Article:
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New romaine lettuce resists dieback

Today's commercially grown romaine is vulnerable to what's known as lettuce dieback disease. The disorder, which can easily devastate entire fields of this popular lettuce, is caused by one or more soil-dwelling Tombusviridae viruses.

Two Agricultural Research Service plant geneticists have now bred what are apparently the first parent romaine lettuces that are resistant to these pernicious plant viruses. Edward J. Ryder and colleague Rebecca C. Grube developed the three novel lettuces, known as 01-778M, 01-781M and 01-789M, at the agency's U.S. Agricultural Research Station in Salinas, Calif.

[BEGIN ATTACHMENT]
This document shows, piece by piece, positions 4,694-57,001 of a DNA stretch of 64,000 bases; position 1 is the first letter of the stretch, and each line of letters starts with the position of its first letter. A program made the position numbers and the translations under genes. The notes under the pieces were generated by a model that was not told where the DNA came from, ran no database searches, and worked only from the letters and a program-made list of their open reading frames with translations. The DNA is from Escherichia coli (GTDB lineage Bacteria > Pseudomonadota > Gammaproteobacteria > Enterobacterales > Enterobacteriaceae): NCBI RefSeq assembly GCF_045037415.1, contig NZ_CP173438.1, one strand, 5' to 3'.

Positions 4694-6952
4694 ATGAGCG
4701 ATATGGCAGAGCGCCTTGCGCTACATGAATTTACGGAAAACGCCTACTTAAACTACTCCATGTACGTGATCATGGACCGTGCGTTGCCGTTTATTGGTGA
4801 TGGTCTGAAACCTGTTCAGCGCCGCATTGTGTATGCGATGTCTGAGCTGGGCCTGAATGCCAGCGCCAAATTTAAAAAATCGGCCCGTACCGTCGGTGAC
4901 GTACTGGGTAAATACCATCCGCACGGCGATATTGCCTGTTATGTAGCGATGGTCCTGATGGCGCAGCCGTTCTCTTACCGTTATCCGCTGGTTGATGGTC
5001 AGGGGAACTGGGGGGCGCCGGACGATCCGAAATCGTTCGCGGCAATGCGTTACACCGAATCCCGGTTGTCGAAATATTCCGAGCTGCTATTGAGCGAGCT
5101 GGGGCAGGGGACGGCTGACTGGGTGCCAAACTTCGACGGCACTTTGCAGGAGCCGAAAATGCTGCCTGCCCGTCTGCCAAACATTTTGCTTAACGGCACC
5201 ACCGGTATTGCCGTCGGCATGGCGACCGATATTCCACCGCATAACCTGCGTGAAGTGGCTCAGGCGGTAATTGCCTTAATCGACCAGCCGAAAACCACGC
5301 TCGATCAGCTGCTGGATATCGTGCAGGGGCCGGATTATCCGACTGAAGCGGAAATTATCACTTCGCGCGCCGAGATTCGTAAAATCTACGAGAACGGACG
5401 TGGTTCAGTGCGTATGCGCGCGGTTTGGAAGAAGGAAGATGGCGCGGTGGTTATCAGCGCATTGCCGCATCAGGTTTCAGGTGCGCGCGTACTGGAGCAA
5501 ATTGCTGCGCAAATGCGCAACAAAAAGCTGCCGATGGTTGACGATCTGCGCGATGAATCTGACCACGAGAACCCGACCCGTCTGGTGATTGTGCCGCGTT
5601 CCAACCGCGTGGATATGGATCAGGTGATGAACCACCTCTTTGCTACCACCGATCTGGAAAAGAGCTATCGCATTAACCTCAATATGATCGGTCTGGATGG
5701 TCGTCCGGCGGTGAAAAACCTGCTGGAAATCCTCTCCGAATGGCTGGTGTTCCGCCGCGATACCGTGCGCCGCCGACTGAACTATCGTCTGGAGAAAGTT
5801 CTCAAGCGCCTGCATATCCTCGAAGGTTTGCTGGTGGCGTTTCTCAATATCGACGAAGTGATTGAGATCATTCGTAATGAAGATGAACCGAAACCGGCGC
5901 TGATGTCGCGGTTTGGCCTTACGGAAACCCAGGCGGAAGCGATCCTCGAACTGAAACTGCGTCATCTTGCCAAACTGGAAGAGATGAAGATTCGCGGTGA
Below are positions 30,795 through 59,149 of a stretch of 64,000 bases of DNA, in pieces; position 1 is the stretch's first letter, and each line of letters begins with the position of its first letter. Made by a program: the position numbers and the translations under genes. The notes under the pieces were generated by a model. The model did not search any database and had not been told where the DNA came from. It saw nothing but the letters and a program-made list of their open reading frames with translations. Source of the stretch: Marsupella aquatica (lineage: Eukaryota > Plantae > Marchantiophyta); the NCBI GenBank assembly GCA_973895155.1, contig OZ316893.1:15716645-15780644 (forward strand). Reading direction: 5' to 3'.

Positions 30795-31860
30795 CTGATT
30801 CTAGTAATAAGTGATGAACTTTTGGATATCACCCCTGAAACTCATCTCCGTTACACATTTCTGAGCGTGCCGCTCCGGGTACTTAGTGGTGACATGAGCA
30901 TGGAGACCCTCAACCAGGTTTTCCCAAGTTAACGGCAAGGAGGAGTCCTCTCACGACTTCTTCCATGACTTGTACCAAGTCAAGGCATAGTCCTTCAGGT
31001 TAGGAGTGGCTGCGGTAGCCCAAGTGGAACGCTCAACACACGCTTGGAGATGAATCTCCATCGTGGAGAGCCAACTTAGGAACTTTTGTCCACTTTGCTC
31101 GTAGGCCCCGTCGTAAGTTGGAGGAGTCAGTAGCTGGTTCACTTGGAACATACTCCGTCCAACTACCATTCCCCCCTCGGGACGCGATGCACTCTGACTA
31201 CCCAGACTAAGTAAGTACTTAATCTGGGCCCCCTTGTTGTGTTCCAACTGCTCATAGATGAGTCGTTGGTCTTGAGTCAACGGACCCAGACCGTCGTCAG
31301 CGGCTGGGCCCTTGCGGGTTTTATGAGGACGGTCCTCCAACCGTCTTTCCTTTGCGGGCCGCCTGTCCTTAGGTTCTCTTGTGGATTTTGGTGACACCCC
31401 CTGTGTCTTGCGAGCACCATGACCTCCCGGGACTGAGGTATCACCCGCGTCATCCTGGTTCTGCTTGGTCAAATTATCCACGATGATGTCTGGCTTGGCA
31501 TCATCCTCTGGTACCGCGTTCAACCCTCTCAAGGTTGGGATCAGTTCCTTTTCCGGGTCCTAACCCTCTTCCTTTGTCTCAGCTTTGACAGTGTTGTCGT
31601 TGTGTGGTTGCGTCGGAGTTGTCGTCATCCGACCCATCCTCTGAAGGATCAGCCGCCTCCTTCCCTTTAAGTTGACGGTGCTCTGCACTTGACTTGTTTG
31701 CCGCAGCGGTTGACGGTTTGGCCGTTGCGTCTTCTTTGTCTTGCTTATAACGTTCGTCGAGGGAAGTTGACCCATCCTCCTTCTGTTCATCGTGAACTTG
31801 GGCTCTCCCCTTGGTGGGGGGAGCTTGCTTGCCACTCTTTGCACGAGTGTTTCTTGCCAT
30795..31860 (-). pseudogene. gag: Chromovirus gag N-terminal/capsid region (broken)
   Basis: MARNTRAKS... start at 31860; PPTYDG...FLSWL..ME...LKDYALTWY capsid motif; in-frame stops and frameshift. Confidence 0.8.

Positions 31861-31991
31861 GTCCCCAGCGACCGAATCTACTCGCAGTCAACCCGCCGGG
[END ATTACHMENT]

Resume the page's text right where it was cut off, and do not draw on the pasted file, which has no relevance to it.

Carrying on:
These lettuces result from about three years of research and testing in both infested and disease-free fields at Salinas and two other coastal California sites. The scientists noted that the lettuces have not yet been tested in other regions of California or Arizona where romaine lettuce is grown.

Small supplies of the seeds of the new lettuces are available to plant researchers and breeders.

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